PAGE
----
World Day for Laboratory Animals marked across globe
Horrific monkey experiments exposed in UK and Europe
In the countdown to World Day for Laboratory Animals on April 24th the National Anti-Vivisection Society (NAVS) has released shocking details of primate experiments and their failure. The animal suffering in the experiments is clear and NAVS, the world’s oldest anti-vivisection organisation, describes them as “unreliable, unethical, unnecessary.”
Around 6,000 primates are used in European laboratories each year, 2,466 in the UK. Over half are subjected to a barrage of regulatory safety tests. Our closest relatives in the animal kingdom are restrained, force-fed and injected with drugs and other substances to measure their toxic effects. Despite advanced alternatives like microdosing, which enable more accurate earlier study, many of these tests continue to be driven by outdated regulations. The NAVS reveals:
- A vaginal gel tested on female monkeys – despite a similar product being examined in women.
- Monkeys being electrically masturbated during tests of a cancer drug.
- Bolts and chambers screwed into the heads of monkeys.
- The gums of monkeys cut into and cavities created in teeth to test dental filling materials – the researchers noted that the inflammation process was different in humans.
- Monkeys suffering fever, lethargy and severe damage to the liver, spleen and lungs after being forced to inhale bacteria by the Ministry of Defence.
National Anti-Vivisection Society Campaigns Director Tim Phillips says: “Thousands of primates are subjected to horrific experiments in the UK and Europe each year. It is to our shame that we continue to use our closest relatives in tests where there are technologically advanced, humane methods available that give reliable human-based data. It is almost a decade since the European Parliament called on the European Commission to set a timetable to replace these tests, yet there has been little progress.”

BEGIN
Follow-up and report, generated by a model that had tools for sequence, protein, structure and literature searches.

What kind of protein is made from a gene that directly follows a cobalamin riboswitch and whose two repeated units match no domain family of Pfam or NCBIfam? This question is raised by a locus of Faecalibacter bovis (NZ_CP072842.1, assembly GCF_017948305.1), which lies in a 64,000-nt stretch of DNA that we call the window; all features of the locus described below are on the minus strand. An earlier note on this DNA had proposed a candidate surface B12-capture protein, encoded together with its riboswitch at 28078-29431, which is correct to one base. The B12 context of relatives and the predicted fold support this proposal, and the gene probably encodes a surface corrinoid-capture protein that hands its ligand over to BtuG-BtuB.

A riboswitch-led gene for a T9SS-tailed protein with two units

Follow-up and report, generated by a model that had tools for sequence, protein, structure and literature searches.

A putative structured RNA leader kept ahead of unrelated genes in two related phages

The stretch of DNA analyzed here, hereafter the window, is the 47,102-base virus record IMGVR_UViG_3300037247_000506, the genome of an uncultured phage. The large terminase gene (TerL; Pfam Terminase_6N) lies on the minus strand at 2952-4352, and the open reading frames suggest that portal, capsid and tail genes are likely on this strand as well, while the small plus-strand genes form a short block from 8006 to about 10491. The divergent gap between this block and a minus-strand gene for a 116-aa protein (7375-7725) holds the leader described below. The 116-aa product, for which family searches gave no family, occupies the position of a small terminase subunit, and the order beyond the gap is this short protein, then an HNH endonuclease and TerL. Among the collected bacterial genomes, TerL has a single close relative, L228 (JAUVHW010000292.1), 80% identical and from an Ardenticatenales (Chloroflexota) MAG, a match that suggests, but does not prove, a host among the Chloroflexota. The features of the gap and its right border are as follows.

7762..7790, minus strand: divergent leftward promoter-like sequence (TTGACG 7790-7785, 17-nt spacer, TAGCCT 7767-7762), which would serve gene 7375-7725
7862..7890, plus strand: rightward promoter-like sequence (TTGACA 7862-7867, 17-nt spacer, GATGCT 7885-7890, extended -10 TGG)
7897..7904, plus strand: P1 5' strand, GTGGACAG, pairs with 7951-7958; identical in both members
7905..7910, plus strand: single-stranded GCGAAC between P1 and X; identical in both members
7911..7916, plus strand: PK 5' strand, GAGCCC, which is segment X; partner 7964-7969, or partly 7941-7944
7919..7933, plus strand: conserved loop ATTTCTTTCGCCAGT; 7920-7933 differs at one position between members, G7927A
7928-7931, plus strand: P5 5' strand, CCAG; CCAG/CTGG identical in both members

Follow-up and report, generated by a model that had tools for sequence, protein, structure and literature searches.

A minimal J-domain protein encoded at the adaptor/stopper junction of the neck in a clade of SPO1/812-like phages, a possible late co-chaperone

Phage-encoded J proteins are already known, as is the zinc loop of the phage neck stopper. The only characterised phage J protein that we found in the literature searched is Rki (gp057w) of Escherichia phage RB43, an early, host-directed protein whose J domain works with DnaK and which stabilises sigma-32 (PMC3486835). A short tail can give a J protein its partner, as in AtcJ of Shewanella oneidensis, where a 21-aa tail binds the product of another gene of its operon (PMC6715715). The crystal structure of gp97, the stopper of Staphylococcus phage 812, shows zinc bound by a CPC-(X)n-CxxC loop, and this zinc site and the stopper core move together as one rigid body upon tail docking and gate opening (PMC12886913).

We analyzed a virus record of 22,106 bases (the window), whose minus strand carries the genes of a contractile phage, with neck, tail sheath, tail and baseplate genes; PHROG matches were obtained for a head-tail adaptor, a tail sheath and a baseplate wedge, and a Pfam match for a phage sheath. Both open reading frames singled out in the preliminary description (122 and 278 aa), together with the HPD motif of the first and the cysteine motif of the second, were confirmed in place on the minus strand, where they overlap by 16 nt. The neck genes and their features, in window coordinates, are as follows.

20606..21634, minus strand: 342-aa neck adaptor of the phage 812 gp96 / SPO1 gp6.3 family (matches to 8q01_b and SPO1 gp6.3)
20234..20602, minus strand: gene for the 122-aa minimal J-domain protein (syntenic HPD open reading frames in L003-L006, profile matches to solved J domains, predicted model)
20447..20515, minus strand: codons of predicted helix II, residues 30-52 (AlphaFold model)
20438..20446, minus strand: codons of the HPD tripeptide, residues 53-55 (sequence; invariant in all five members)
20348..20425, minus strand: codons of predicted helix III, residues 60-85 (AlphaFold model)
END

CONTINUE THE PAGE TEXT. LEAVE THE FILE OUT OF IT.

Monkeys were used in vaginal HIV tests alongside a clinical trial in women.
Fourteen female macaque monkeys were used for an HIV study conducted at St George’s, University of London and funded by the Bill & Melinda Gates Foundation, the Wellcome Trust and the Sir Joseph Hotung Trust. During pre-clinical tests for an intravaginal gel, the primates had an HIV protein and the gel inserted into their vaginas under sedation. Every 2-3 days the procedure was repeated, a total of nine times, with some animals undergoing three cycles of treatment. At the end of the experiment the animals were killed. The researchers admit the repeated sedation may have influenced immune responsiveness.
A similar topical gel had already shown “great promise against vaginal HIV transmission” in women. NAVS asks, why are monkey tests continuing when far more reliable data must be coming from the human studies?
Monkeys were subjected to eletroejaculation for tests on a drug being used at the same time in cancer patients. In a test by GSK Vaccines, every two weeks six monkeys were injected with the compound a total of eight times, while two monkeys received saline injections. To evaluate sperm formation, the monkeys underwent electroejaculation while fully conscious, a total of nine times every three weeks. The procedure commonly involves restraining the animal and wrapping defibrillator pads and lubricating gel around the penis, applying increasing voltage until ejaculation occurs. The animals were killed at the end of the experiment. Conducted at CiToxLAB in France, the primates had been imported from Mauritian primate supplier Noveprim Europe’s distribution hub in Spain. The NAVS has exposed animals at the facility being brutally handled by staff and confined in small cages. The dealer is also known to take primates from the wild to replenish its breeding stocks.